As I write this, two events – each remarkable in strikingly different ways – have hit the news.

First, Knight Capital Group (NYSE: KCG) more or less put itself out of business as an independent entity by running up a $400M loss in less than 30 minutes.

The cause? The company went live with an upgrade in its trading software without sufficient prior testing. The theory was that by installing the upgrade quickly, the company would gain an edge over other high-frequency trading companies who planned to install similar upgrades later in the year. Instead, the software ran amok and amazingly, no-one had built in a “kill switch” that could turn it off.

Secondly, NASA successfully landed Curiosity on the surface of Mars – a 98-week process that culminated in a nail-biting “7 minutes of hell,” during which over 70 individual complex maneuvers were executed in flawless sequence from over 120 million miles away.

This 14-year mission had a statistically close to zero chance of success, but instead, a 1-ton, nuclear powered rover settled perfectly on a barren, life-threatening terrain as if it had been placed there by a child’s hand. 

The difference between these two events points out an ever-growing problem with the current state of business leadership. Fueled by a focus on short-term results and the image promoted by the press of the business leader as macho overachiever (and emboldened by an insta-everything zeitgeist), business leaders are increasingly turning to impatience as a tawdry, dangerous substitute for relentless focus. For examples of a long-term commitment to excellence, we increasingly have to look to other, non-business arenas such as space exploration or sports (the ennobling effect of stories of Olympic success being another intriguing example).

Although it’s been percolating for some time, a noticeable spike in this type of behavior occurred after last year’s publication of Walter Isaacson’s biography of Steve Jobs. That rare thing – a genuine business bestseller – Isaacson’s book portrayed Steve Jobs in true hero fashion, warts and all. Many business leaders, however, seem to think that simply growing their own warts will make them equally successful.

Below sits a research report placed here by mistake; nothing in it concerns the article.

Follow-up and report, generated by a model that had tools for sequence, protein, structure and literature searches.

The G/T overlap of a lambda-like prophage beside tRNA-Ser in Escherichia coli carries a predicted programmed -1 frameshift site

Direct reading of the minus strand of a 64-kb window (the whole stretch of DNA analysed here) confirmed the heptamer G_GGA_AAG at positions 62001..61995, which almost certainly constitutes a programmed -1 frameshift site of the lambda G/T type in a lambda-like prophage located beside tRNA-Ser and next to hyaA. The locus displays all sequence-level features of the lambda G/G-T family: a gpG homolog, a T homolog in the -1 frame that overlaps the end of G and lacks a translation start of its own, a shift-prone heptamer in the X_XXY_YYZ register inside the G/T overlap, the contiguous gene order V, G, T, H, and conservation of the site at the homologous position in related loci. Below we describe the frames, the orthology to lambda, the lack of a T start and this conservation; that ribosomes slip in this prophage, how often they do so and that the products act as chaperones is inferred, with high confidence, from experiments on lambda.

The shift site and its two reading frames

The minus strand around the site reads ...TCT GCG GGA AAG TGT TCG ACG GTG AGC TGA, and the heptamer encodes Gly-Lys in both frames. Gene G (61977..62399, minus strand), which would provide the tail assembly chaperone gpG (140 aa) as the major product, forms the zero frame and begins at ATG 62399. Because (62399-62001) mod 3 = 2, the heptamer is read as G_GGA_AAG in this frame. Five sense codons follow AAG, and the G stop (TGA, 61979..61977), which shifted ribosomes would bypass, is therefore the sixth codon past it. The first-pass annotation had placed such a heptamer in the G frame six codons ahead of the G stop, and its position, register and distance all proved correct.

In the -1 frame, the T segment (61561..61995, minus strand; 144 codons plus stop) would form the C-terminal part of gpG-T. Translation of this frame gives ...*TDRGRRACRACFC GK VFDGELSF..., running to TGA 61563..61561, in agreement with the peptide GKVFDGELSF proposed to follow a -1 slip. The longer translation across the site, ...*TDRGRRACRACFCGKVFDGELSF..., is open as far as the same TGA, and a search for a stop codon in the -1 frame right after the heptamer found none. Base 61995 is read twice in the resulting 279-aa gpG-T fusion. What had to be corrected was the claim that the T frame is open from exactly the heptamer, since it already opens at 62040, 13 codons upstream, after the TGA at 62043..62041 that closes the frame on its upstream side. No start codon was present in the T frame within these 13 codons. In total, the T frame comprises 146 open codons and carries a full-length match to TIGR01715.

Conveniently ignoring the enormous time and energy Jobs invested in pursuing with relentless focus the development of Apple – an achievement equivalent to executing a successful NASA Mars landing once, sometimes twice, every year – many business leaders instead believe that they can emulate Jobs’ success simply by being egregiously unreasonable.

Impatience, tirades, bullying, manipulation and outright intimidation were all part of Jobs’ modus operandi – but so was a relentless focus on detail and a long-term commitment to unparalleled excellence at the expense of near-term shortcuts. Steve Jobs would no more have presided over a Knight Capital-like meltdown than he would have used a PC.

Trying to run a business with just the warts – impatience and manipulation being the most common – has become increasingly pervasive. This is true despite almost daily evidence that it simply does not work – Libor manipulation, anyone? And what’s more, it never has (Google “De Lorean” if you’d like a flash from the past).

If you have any doubts as to whether or not you’re trading on warts alone, try this: Shut up for two weeks. Take your hands off the tiller of your business – go away somewhere for a vacation, if you can. If you’ve instilled a long-term vision and a commitment to excellence in your business, your folks will be glad to see you return and the business will have done just fine without you. If you’re leading like a jerk, no-one will be happy to see you return and not much will have happened in your absence.

Don’t set yourself up for a Knight Capital-type meltdown. Impatience is a dangerous substitute for relentless focus.

So, what do you think? Are you concentrating on the very short term or looking to run a longer race? Please share your thoughts in the comments below.